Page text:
• Children who are not optimally breastfed are much more likely to suffer from common fatal childhood illnesses such as diarrhoea, measles, pneumonia and malaria.

Action against undernourishment

The good thing is, India doesn’t have to invent ways to fight hunger. Health experts at global agencies like the World Health Organization and the UNICEF have already devised plans that can take the world to “zero hunger” by 2030: one of the Sustainable Development Goals.

For example, UNICEF’s optimal infant and young child feeding strategy begin from the first hour of birth - the ideal time to start breastfeeding. The plan recommends exclusive breastfeeding for the first six months of the child’s life.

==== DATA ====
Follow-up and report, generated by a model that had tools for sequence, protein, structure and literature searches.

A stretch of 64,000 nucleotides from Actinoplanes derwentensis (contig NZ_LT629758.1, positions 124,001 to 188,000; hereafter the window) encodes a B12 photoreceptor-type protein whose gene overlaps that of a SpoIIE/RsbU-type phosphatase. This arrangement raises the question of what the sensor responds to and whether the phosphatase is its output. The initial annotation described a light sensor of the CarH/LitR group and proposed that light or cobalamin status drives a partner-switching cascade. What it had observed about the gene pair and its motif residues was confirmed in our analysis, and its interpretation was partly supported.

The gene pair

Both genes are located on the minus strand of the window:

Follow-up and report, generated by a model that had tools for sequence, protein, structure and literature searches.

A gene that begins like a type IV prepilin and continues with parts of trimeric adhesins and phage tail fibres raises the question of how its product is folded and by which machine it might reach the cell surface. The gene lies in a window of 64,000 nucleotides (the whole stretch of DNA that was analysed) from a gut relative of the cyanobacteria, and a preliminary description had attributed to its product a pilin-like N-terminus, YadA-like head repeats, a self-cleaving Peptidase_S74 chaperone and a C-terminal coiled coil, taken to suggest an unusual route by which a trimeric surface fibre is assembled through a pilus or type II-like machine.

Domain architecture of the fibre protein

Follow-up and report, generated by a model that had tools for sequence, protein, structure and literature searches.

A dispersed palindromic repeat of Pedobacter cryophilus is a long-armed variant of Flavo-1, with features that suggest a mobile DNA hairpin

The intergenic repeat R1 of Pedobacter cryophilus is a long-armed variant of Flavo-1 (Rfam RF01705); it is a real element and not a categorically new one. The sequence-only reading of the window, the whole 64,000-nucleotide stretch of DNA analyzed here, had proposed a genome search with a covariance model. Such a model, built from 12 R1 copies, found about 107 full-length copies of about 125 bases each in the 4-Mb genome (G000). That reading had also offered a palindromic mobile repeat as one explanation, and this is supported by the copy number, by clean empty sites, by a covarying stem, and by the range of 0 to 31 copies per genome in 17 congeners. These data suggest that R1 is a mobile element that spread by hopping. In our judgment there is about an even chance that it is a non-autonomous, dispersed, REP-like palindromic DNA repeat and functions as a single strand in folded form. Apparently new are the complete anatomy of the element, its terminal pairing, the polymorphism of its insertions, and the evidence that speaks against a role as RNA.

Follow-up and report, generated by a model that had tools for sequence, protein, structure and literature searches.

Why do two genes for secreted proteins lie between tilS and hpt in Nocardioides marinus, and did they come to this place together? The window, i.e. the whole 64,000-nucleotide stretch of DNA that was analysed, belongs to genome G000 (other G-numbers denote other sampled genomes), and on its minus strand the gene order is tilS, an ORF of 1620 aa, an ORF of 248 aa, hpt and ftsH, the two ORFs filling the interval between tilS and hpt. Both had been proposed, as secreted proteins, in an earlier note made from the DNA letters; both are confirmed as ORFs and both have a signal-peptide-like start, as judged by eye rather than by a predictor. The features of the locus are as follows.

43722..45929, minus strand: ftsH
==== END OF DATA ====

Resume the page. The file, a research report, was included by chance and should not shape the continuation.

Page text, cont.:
The reason: colostrum (the milk produced by the new mom in the first week) provides natural immunisation for newborns, reducing the chances of death in the neonatal period.

Additionally:

  • According to UNICEF, breastfeeding should continue for two years along with age-appropriate foods starting at six months of age.
  • Counselling caregivers — like new moms, dads, and grandparents — on the optimal use of locally available foods can help.
  • Access to quality foods, vitamins and micro-nutrients should be improved for poor families through social protection schemes and safety nets.
  • Vitamin A supplementation should be given twice yearly to reduce the risk of blindness, infection, undernutrition and death associated with vitamin A deficiency among children.
  • Pregnant women should take iodized salt in their food - for preventing foetal brain damage associated with iodine deficiency. Also, add a tiny bit of iodized salt in food for babies over six months to improve brain development and to prevent motor and hearing deficits.